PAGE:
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better adapted to the particular requirements of our task than they have been; and what I want to say is that the men and the women who devote their thought and their energy to these things will be serving the country and conducting the fight for peace and freedom just as truly and just as effectively as the men on the battlefield or in the trenches. The industrial forces of the country, men and women alike, will be a great national, a great international, Service Army,-a notable and honored host engaged in the service of the nation and the world, the efficient friends and saviors of free men everywhere. Thousands, nay, hundreds of thousands, of men otherwise liable to military service will of right and of necessity be excused from that service and assigned to the fundamental, sustaining work of the fields and factories and mines, and they will be as much part of the great patriotic forces of the nation as the men under fire.
I take the liberty, therefore, of addressing this word to the farmers of the country and to all who work on the farms: The supreme need of our own nation and of the nations with which we are coöperating is an abundance of supplies, and especially of food stuffs. The importance of an adequate food supply, especially for the present year, is superlative. Without abundant food, alike for the armies and the peoples now at war, the whole great enterprise upon which we have embarked will break down and fail. The world's food reserves are low. Not only during the present emergency but for some time after peace shall have come both our own people and a large proportion or the people of Europe must rely upon the harvests in America. Upon the farmers of this country, therefore, in large measure, rests the fate of the war and the fate of the nations. . May the nation not count upon them to omit no step that will increase the production of their land or that will bring about the most effectual coöperation in the sale and distribution of their products? The time is short. It is of the most imperative importance that everything possible be done and done immediately to make sure of large harvests. I call upon young men and old alike and upon the able-bodied boys of the land to accept and act upon this duty-to turn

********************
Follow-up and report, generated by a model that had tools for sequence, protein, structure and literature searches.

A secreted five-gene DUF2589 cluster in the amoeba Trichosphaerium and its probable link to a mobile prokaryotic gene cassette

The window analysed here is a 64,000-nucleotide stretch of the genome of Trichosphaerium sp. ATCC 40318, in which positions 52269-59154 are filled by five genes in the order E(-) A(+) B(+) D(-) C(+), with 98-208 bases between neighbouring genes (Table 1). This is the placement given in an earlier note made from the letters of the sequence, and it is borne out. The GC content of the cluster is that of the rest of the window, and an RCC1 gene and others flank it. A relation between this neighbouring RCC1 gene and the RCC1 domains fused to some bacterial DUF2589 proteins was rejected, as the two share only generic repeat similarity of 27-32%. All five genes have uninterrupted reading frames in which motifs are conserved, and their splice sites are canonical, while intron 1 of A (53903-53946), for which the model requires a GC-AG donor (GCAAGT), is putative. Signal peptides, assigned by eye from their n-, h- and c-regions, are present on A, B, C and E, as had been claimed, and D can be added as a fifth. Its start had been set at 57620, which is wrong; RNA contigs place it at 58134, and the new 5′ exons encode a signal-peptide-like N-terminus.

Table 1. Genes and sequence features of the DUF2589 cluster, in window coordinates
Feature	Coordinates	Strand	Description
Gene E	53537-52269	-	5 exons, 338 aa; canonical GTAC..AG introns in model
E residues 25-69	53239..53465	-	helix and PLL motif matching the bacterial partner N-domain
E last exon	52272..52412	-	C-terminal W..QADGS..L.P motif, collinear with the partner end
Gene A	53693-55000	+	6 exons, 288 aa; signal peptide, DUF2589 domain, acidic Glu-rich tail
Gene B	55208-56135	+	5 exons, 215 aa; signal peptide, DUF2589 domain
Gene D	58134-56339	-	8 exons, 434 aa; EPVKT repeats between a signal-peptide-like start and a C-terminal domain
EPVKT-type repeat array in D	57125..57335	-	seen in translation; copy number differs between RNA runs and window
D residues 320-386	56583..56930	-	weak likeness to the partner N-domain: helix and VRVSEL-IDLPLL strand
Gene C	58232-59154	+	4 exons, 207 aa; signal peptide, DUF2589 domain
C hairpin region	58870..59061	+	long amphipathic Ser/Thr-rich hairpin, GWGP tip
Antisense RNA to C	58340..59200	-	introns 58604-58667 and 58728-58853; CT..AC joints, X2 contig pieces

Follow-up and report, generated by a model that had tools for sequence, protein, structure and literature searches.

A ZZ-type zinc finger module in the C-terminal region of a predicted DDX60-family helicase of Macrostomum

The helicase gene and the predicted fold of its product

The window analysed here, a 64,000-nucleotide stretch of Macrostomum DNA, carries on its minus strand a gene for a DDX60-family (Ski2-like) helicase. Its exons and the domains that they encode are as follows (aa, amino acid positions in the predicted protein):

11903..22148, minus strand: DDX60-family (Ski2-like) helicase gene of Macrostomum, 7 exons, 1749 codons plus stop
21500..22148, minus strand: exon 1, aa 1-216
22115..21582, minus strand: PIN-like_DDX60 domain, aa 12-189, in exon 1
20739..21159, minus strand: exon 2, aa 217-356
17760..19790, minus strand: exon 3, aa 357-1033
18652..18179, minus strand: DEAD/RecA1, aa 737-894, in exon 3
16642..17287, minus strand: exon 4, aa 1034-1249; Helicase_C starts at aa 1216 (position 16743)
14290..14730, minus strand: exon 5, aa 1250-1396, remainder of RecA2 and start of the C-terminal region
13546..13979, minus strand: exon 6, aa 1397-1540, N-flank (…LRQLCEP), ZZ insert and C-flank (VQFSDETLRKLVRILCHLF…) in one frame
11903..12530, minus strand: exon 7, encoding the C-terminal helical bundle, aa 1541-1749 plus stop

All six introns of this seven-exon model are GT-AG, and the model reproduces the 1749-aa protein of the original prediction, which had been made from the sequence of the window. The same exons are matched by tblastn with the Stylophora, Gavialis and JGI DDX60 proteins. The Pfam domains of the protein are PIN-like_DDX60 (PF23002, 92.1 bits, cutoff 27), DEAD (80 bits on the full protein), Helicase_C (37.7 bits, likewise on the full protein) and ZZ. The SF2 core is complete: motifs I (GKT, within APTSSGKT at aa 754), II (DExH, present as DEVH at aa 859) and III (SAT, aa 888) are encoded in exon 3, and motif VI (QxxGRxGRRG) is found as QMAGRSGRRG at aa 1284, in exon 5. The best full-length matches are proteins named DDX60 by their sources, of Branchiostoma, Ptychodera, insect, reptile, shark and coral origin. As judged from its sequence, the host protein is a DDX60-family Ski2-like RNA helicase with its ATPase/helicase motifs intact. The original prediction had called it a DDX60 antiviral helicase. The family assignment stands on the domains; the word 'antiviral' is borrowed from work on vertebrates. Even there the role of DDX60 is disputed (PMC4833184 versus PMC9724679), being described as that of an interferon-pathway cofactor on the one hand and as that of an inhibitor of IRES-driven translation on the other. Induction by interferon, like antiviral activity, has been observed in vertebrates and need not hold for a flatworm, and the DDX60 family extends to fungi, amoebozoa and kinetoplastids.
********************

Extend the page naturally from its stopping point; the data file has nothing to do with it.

in hosts to the farms and make certain that no pains and no labor is lacking in this great matter.
I particularly appeal to the farmers of the South to plant abundant food stuffs as well as cotton. They can show their patriotism in no better or more convincing way than by resisting the great temptation of the present price of cotton and helping, helping upon a great scale, to feed the nation and the peoples everywhere who are fighting for their liberties and for our own. The variety of their crops will be the visible measure of their comprehension of their national duty.
The Government of the United States and the governments of the several States stand ready to coöperate. They will do everything possible to assist farmers in securing an adequate supply of seed, an adequate force of laborers when they are most needed, at harvest time, and the means of expediting shipments of fertilizers and farm machinery, as well as of the crops themselves when harvested. The course of trade shall be as unhampered as it is possible to make it and there shall be no unwarranted manipulation of the nation's food supply by those who handle it on its way to the consumer. This is our opportunity to demonstrate the efficiency of a great Democracy and we shall not fall short of it!
This let me say to the middlemen of every sort, whether they are handling our food stuffs or our raw materials of manufacture or the products of our mills and factories: The eyes of the country will be especially upon you. This is your opportunity for signal service, efficient and disinterested. The country expects you, as it expects all others, to forego profits, to organize and expedite shipments of supplies of every kind, but especially of food, with an eye to the service you are rendering and in the spirit of those who enlist in the ranks, for their people, not for themselves. I shall confidently expect you to deserve and win the confidence of people of every sort and station.
To the men who run the railways of the country, whether they be managers or operative employees, let me say that the railways are the arteries of the nation's life and that upon them rests the immense responsibility of seeing to it that those arteries suffer no obstruction of any kind, no inefficiency or slackened power. Tu the merchant let me suggest the motto, "Small profits and quick service;" and to the shipbuilder the thought that the life of the war depends upon him. The food and the war supplies must be carried across the seas no matter how many ships are sent to the bottom. The places of those that go down must be supplied and supplied at once. To the miner let me say that he stands where the farmer does: the work of the world waits on him. If he slackens or fails, armies and statesmen are helpless. He also is enilsted in the great Service Army. The manufacturer does not need to be told, I hope, that the nation looks to him to speed and perfect every process; and I want only to remind his employees that their service is absolutely indispensable and is counted on by every man who loves the country and its liberties.